SIENA, Italy — It's the middle of the afternoon and hot, on the day of Siena's Palio. In 10 chapels and 10 city districts, 10 priests await the contestants.
On one narrow cobbled street in the Aquila (eagle) district, a banner-waving crowd bursts into cheers as a racehorse led by a groom in brilliant medieval attire approaches the tiny chapel. Heavy doors open in welcome. Dutifully, the horse squeezes through. The crowd shoves feverishly behind.
Inside, a priest beams benevolently. Worshipers hush. "Vai e ritorna vincitore" (go and come back a winner), the priest solemnly instructs the horse, bestowing his blessing with the sign of the cross.
Cameras flash. Somehow the horse turns around and well-wishers flatten against one another as the animal is led quickly to safe quarters to await the flamboyant race, a three-lap, frenzied dash around Siena's beautiful main square, the shell-shaped Piazza del Campo.
Peril and Pageantry
This is the fabled Palio, perhaps the world's wildest horse race, a contest between bareback riders representing the city's rival districts, known collectively as contrade . It takes place each year on July 2 and Aug. 16. One of the most magnificent public spectacles ever conceived, it's an all-stops-out, dangerous event.
Flag twirlers, trumpeters, guards armed with ancient crossbows, drummer boys, horsemen in armor, and horses in leather and brass strut up and down old Siena's winding streets.
Thousands of spectators stream toward the sharply curved, oval dirt track bordering the piazza. Flags wave from balconies of mellow Tuscan buildings. The excitement is bewitching--even the pigeons seem to sense something extraordinary as they swarm from rooftop to rooftop.
It's 5 p.m. A cannon announces the opening of the official Palio parade. Bells toll from the tower. Mounted carabinieri in elegant red, white and black uniforms move gracefully forward in smart-stepping formations.
Each of the city's 17 contrade displays its distinguishing, eye-blinding colors as young Romeos in vivid, two-tone tights and belted, flared tunics throw flags imperiously into the air, catching them with swooping precision. The brigades move at a measured pace, savoring the honor they bestow on their contrade .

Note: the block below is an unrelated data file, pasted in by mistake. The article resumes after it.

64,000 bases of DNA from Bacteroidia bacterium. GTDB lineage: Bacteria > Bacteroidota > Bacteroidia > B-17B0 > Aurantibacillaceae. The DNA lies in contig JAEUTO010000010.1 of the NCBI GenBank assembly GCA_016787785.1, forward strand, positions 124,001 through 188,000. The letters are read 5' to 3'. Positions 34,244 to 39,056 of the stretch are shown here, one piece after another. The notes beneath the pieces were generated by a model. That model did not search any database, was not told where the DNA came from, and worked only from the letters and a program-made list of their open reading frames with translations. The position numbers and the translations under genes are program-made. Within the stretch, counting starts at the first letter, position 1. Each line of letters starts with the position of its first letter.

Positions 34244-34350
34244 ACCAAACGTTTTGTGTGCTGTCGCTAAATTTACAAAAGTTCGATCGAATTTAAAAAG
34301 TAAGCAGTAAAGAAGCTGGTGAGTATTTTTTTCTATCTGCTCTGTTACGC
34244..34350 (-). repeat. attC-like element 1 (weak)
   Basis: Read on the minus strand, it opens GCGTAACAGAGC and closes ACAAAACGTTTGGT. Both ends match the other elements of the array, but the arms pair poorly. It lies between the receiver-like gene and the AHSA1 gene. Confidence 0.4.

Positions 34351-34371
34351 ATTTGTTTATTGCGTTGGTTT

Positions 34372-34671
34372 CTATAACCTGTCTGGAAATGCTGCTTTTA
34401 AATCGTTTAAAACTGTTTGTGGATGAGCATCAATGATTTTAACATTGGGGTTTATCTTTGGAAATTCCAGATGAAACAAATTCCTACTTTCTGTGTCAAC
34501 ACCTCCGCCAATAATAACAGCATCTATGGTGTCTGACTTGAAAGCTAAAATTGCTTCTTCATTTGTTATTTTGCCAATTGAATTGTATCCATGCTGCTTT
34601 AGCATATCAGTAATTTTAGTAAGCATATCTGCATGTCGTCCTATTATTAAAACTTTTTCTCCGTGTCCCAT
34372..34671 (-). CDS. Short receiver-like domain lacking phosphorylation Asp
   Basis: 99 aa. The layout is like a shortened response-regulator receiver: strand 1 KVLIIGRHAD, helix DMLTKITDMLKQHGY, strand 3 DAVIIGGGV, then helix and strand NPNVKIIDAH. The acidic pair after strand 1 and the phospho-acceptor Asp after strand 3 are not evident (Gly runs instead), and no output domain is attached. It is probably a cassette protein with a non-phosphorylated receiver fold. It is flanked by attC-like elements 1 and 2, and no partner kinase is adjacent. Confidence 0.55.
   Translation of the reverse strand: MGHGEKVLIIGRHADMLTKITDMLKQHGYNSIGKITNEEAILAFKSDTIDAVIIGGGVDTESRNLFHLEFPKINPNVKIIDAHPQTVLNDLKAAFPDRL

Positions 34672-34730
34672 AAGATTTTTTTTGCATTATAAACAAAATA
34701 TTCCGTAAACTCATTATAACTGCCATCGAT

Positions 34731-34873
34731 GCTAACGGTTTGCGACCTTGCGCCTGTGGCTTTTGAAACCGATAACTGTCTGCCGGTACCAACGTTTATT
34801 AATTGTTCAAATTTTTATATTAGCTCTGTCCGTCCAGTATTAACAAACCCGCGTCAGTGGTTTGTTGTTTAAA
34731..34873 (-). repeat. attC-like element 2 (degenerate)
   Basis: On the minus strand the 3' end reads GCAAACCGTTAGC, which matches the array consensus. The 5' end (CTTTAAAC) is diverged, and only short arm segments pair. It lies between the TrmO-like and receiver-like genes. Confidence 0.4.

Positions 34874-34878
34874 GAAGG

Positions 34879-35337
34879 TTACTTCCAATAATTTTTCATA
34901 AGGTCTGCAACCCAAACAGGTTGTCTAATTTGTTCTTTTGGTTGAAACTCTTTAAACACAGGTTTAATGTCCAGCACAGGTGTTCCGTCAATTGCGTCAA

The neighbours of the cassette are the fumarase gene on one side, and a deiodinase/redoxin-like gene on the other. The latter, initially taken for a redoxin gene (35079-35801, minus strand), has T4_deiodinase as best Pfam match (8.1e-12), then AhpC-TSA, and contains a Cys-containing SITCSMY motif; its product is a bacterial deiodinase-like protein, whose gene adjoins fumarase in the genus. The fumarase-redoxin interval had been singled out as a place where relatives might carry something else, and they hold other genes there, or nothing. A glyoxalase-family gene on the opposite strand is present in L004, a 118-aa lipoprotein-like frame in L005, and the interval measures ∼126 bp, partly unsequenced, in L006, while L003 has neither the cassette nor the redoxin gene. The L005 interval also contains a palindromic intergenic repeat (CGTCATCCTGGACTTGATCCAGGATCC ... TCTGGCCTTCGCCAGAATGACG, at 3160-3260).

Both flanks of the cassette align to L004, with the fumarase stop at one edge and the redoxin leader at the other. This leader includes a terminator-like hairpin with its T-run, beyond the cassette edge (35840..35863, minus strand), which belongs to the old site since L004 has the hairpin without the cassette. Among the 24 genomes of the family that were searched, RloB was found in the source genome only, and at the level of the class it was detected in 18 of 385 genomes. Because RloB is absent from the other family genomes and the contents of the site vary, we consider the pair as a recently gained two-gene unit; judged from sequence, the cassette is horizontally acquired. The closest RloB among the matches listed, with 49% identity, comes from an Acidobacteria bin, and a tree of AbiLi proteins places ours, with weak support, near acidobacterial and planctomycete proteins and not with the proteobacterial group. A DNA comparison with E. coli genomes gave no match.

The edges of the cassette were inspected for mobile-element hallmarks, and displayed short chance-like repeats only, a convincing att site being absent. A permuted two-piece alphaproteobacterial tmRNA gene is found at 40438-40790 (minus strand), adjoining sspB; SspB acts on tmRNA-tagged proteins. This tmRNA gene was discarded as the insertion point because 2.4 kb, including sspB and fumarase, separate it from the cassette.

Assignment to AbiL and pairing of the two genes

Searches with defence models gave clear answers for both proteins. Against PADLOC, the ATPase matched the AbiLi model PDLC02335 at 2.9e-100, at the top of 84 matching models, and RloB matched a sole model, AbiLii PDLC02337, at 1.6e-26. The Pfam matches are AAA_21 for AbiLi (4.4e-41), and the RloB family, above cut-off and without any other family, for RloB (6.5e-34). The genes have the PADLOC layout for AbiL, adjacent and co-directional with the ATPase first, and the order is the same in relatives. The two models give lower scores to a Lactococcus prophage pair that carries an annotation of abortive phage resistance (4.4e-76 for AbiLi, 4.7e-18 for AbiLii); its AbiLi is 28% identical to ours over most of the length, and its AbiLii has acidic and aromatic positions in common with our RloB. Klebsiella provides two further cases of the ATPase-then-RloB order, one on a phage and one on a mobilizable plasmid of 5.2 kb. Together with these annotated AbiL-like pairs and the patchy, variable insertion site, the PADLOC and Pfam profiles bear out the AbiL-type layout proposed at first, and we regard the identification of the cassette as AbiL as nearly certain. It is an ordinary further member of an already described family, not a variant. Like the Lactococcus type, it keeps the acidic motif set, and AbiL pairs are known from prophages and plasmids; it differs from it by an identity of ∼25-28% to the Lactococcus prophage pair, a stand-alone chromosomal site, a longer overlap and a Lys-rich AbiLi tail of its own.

The crowd, packed like raisins in a box, presses against the railings. Some faint in the heat. Medics whisk them to the ospedale , a first-aid station sandwiched between marble pillars adjacent to the Gothic Palazzo Pubblico, the town hall.
Peering down at the ospedale from an arched window in the Palazzo Pubblico, a handsome businessman from Rome keeps track of the fallen. " Numero quindici " (No. 15), he announces to his richly dressed companions. Cool and pampered by wine and hors d'oeuvres, he basks in his privileged bird's-eye view of the madcap Palio.
" Viva Italia! Viva il Palio! " he shouts.
Afternoon shadows move slowly across the massed spectators. Still the Tuscan bell tower blazes orange in the sun. Still the splendiferous pageant marches on. It's nearly 7 p.m. on the clock tower overlooking the piazza. Two splendid white oxen enter the ring, signifying the ritual's end.
At last, 10 jockeys in the gaudy colors of their contrade trot onto the track. Balcony spectators lean precariously forward. With rising passion, the crowd below swarms like bees. The horses charge from the starting rope.
A mighty roar explodes as 100,000 people frantically wave their arms and pivot in unison, following the galloping horses clockwise around the track. Reckless bareback riders without stirrups furiously prod the unruly horses. Three times they circle. Three times the crowd turns for the climactic showdown.
The Lupa (wolf) contrada wins! " Lupa , Lupa !" the crowd screams.
Weeping, shouting fans break onto the track. Hugging, kissing, slapping shoulders, they carry the ecstatic Lupa rider around the piazza and into the streets. Months of preparation have gone into this 90-second race. Now it's time for the reward: all-night feasting and celebrating in the Lupa contrada . They have won the right to the coveted prize, the Palio banner with the painted image of the Madonna.
Winning the Palio is complicated. In general, the best rider on the best horse wins. But for a horse race fanned by flames of centuries-old contrade rivalry, that's too simple. Luck and the art of cheating, Machiavelli-style, mix into the Palio's caldron of pomp, history and myth.
The magic spectacle has its roots in the Middle Ages when Siena was an independent republic. In those days the 17 contrade flourished as separate military societies, the soldiers of each jealously defending their own special section of the walled city. Horse races, along with fistfights, stone-throwing battles and fencing were an integral part of Sienese life.